Oysters are far more than just tasty mollusks. Oysters play important roles in ecosystems: acting as bio-filters; buffering shores from storm surges; and providing food and habitat for other marine organisms. In order for oysters to proliferate and thrive a few environmental factors have t o be in order: water variables (temperature, salinity, a cidity), food, and substrate. As reported in OCEAN 30, s ome oyster fisheries are having issues dealing with massive d ie offs due to increased ocean acidification. The t emperature and acidity problems have been fixed by r aising fragile oyster spat in tanks before returning them to t he ocean. But in places where these aren’t issues yet, like i n New York City waters, the only thing that currently n eeds to be addressed is planting oyster beds to areas that l ack proper substrate. How did they resolve this? By r ecycling old toilet bowls. I n this case the saying “one man’s trash is another man’s treasure” is fitting. The city plans to recycle pieces of porcelain from 5,000 public school toilets (free from a citywide water conservation program) to facilitate the breeding of upwards of 50,000 oysters in Jamaica Bay. Jamaica Bay is 31-square-mile part of New York Harbor south of Long Island and in proximity to the JFK airport. Historically oysters were a staple in this watershed and were so prolific that they were used as sustenance and currency (wampum) to Native Americans of the region. It has even been said that half of the world’s oysters were harvested in New York Harbor at one point. Oysters were abundant in this lower Hudson estuary until the 1927, when unfortunately overharvesting, anthropogenic pollution, and dredging caused the fishery to be functionally extinct.
The Billion Oyster Project, in conjunction with the City of New York’s Department of Environment Protection, devised the restoration plan after pilot studies demonstrated that oysters could survive and reproduce in this area again. It is the single largest installation of breeding oysters and the hope is to contribute to a productive New York Harbor. The project is a two-for-one benefit for the local environment. One it reduces waste by repurposing these broken porcelain receptacles and two the success of the oysters will improve water quality (each oyster can filter up to 40 gallons of water per day), provide habitat for other marine life, and protect the coast from storm surges by absorbing the shock from waves.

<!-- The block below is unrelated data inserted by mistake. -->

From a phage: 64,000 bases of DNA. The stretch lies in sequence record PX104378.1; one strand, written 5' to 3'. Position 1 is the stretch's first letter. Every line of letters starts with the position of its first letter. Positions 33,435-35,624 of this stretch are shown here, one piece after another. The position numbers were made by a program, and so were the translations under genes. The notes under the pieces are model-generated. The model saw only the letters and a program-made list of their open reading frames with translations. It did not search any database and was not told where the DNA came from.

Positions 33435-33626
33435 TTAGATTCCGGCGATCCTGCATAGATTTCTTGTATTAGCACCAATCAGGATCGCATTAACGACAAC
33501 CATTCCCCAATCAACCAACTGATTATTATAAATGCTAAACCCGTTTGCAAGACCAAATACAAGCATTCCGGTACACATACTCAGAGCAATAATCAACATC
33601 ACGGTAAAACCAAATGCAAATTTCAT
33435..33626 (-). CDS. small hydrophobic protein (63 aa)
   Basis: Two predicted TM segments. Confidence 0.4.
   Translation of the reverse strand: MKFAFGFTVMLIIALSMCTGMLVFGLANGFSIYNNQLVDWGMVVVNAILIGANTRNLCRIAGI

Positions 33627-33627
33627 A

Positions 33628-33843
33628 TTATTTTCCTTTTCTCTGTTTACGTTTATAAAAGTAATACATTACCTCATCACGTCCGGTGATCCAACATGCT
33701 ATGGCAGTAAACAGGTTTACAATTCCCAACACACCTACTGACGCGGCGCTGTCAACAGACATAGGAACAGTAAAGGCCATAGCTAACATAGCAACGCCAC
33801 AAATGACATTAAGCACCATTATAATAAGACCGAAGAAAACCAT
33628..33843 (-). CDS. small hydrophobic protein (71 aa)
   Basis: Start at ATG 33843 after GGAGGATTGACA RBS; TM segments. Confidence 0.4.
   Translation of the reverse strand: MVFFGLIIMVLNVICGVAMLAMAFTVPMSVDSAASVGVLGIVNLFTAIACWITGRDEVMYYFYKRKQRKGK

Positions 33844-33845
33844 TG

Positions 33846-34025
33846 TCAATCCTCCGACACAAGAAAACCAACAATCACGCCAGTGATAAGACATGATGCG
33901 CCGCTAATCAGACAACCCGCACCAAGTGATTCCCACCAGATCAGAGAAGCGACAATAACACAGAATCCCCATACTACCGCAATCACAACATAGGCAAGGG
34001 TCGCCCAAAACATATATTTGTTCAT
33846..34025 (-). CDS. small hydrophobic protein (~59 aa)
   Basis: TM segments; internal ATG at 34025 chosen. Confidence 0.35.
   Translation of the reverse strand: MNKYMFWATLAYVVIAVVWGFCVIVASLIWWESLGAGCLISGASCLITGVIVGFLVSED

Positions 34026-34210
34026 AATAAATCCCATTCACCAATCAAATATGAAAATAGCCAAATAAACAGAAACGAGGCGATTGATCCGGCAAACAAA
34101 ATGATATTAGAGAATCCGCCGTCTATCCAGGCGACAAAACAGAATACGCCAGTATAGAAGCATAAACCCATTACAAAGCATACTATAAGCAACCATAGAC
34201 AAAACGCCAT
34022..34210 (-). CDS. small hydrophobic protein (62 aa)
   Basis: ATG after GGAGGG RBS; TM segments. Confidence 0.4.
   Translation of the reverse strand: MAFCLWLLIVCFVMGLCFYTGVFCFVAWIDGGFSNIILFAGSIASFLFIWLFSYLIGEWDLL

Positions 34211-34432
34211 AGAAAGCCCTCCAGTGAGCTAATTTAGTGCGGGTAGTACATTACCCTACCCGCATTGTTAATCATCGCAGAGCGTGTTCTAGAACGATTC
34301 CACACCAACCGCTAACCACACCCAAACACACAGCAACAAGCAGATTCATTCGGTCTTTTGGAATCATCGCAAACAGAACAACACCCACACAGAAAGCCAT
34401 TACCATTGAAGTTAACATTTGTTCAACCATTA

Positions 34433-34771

They will not be farmed for food sale and the program began depositing floating cages in September 2016. The water quality and evidence of spat will be monitored over the next two years and the hope is that New York City will have a self-sustaining oyster population once again and be a successful restoration to be replicated in other places.
More information in the links below:
http://www.billionoysterproject.org/, http://www.necn.com/news/weird/New-York-City-Oyster-Toilets-Jamaica- Bay-NYC-Porcelin-NY--392472011.html, https://www.washingtonpost.com/news/morning-mix/wp/2016/09/07/ new-york-citys-newest-oyster-bed-is-50000-mollusks-and-5000-old-public-school-toilets/
Thank you to OCEAN Researcher Brigid McKenna